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Morning Briefing: Cuomo, Vaccine Hesitancy, and the Voting Rights Act

By Dustin Rowles | Politics | March 15, 2021 |

By Dustin Rowles | Politics | March 15, 2021 |


Good morning, everyone. If you haven’t finished all your grousing/celebrating about the Oscar nominations, head on over here to do so. Otherwise, well, Andrew Cuomo hasn’t resigned yet. Chuck Schumer and Kirsten Gillibrand have called upon him to do so, as has most of the New York delegation in Congress, both state and federal. Support for Cuomo has basically collapsed, except from Larry Schwartz, who is New York’s vaccine czar. He’s been out trying to drum up support for Cuomo, which is not a great look, as it gives the impression that vaccine distribution might be tied to support for the Governor. That’s messed up.

If you’d asked me last Monday, I’d have said that Cuomo would survive. If you’d asked me on Thursday, I’d have said he’d be gone by Friday. But here it is Monday again. Cuomo, like Trump, has an ability to wallow in public pressure, but unlike Trump, Cuomo doesn’t have much of a base rooting for him to survive this, because Democrats aren’t cult members. There have been six misconduct and harassment allegations, and where there’s six, there’s probably eight or 12, and that on top of the nursing home scandal suggests that there could be more allegations, which will make it far more difficult for Cuomo to keep his head down until all of this blows over. Ralph Northam survived his Blackface scandal in Virginia because he could wait it out until the news media moved on to another story, and with Trump around, there was always another story. Right now, Cuomo is the scandal, and with Blessedly Boring Biden running things, I don’t expect that to change until Cuomo steps down.

Elsewhere, the vaccine rollout continues to go well. We got up over 3 million doses administered per day over the last few days, and while most states — under Biden’s guidance — will make the vaccine available to everyone by May 1st, Scott Gottlieb is saying that it could happen even sooner, particularly if there’s as much vaccine hesitancy as the polls suggest. Something like 47 percent of Trump supporters say they will not take the vaccine, which makes zero sense, because demographically speaking, they are the most likely to suffer serious infections, Trump’s Operation Warp Speed helped to get these vaccines into the world (and Trump is trying his damndest to take credit for it), and Trump himself took the vaccine. It just feels a little sabotage-y to me. Fauci was out there yesterday saying that it would make all the difference in the world if Trump encouraged his supporters to take it, and he used as much flattery as possible to do so. Trump, alas, is adrift. He is not taking America’s calls, at the moment. However, according to the Post, those folks can be persuaded through public education campaigns that do not include politicians. You know what else will persuade them? Requiring vaccinations for their jobs and for their kids to go to school and in order to go see concerts or go to restaurants. We’ll see how far down the road America is going to be willing to go on that front.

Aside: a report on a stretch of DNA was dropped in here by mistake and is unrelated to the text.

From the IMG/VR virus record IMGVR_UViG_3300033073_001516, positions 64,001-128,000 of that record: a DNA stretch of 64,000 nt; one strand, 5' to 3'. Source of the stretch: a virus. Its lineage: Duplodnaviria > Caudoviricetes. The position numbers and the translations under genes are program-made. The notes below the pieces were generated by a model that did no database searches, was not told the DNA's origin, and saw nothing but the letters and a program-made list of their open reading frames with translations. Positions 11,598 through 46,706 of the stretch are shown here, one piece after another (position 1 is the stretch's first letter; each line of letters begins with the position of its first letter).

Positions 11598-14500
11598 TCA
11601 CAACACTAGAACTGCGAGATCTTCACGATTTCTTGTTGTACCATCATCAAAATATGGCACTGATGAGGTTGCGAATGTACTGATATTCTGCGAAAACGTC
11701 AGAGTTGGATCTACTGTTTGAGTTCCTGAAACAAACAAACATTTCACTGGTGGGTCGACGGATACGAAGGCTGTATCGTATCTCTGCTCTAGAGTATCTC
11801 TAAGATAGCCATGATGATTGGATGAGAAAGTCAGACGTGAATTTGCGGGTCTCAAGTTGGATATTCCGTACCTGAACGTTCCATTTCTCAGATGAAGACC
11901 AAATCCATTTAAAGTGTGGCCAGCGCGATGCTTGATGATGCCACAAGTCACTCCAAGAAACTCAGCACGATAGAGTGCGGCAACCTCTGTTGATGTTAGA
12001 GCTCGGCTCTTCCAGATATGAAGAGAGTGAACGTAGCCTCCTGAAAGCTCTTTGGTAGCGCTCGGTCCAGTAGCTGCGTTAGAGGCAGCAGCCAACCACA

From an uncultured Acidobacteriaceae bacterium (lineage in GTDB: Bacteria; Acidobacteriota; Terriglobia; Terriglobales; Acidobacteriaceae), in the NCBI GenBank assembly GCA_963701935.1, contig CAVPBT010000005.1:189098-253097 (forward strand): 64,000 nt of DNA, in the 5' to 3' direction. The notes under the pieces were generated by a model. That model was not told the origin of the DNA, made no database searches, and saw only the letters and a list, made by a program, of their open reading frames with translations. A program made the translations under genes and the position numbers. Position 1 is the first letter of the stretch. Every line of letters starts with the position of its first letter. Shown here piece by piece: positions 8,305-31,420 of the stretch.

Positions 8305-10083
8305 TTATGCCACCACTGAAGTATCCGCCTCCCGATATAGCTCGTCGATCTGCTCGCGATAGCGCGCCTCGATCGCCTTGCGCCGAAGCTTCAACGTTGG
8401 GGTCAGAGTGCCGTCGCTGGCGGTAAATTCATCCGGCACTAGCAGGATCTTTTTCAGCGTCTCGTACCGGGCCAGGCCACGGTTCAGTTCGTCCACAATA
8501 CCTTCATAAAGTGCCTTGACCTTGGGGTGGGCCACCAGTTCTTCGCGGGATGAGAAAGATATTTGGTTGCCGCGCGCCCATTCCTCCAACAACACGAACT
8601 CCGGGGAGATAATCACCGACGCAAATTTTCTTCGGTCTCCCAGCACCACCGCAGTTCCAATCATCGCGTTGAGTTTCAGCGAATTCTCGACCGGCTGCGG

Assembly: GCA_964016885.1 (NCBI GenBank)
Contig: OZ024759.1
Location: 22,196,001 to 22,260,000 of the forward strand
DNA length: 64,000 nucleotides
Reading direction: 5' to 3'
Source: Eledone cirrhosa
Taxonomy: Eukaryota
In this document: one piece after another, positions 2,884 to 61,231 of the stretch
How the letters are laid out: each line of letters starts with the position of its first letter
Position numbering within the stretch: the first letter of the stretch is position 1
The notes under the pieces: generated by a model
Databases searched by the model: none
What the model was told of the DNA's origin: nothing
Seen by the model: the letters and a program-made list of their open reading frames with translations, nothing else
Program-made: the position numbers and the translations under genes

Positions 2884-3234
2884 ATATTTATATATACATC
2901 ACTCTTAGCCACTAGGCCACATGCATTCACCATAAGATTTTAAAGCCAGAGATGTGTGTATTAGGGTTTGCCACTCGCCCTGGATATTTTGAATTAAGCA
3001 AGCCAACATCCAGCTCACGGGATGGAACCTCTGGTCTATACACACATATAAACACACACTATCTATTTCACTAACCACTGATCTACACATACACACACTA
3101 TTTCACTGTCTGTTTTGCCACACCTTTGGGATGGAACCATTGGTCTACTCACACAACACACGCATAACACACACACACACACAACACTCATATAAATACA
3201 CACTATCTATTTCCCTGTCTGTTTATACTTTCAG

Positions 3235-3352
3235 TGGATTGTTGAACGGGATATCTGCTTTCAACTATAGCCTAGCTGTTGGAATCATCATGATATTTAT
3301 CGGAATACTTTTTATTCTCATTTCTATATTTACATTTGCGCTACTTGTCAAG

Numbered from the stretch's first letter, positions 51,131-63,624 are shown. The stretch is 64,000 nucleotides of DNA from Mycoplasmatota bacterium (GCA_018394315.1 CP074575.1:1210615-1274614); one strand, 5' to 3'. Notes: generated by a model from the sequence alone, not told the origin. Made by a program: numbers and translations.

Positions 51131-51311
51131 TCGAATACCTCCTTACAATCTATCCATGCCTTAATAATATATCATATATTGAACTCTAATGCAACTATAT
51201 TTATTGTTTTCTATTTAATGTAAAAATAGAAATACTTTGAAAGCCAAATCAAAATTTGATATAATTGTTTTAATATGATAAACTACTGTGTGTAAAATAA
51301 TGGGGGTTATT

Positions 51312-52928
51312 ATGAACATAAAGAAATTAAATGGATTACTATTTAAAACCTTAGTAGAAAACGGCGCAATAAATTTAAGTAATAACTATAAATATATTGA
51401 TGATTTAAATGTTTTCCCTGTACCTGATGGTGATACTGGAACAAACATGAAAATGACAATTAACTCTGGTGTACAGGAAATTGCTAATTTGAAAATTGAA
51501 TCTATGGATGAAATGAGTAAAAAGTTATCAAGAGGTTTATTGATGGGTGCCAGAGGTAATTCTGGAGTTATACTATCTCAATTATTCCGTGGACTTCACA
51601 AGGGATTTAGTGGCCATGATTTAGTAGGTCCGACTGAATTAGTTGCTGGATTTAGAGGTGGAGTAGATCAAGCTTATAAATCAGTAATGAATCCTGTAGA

Meanwhile, while most teachers hopefully will have been vaccinated by April or mid-April, the new battleground on that front will be the distancing requirements in schools. Right now, it’s six feet, which will make it difficult for a lot of schools to reopen full-time. However, while the CDC has not yet changed their guidelines, there is a growing body of evidence that shows 3 feet is sufficient, except while eating, which may prove to be another difficulty because kids gotta eat.

Related: New infections dropped below 40,000 yesterday for the first time in I don’t know how long. Actually, I do: October 4th, 2020 was the last time infections were under 40,000. Things haven’t been that great on the East Coast, though, even as infection rates drop everywhere else while things have plateaued here. I assume that a variant is at play, particularly in New York.

Meanwhile, the next big battleground for Biden will be a new Voting Rights Act, and the only way for it to succeed is if the Democrats bend the rules on the filibuster, and the only way for that to happen is to convince Joe Manchin to kill it. Manchin has adamantly refused to do so, but he has shown some willingness to changes the rules about the filibuster, specifically to make it “painful” to use, as in, Senators will have to continue to stand up and speak. If the GOP continues to obstruct Biden’s agenda, maybe Manchin and Sinema will become more amenable to making the use of the filibuster even more painful by, say, making Senators stand on one leg and speak continuously. 🤷

Dustin is the founder and co-owner of Pajiba. You may email him here, follow him on Twitter, or listen to his weekly TV podcast, Podjiba.

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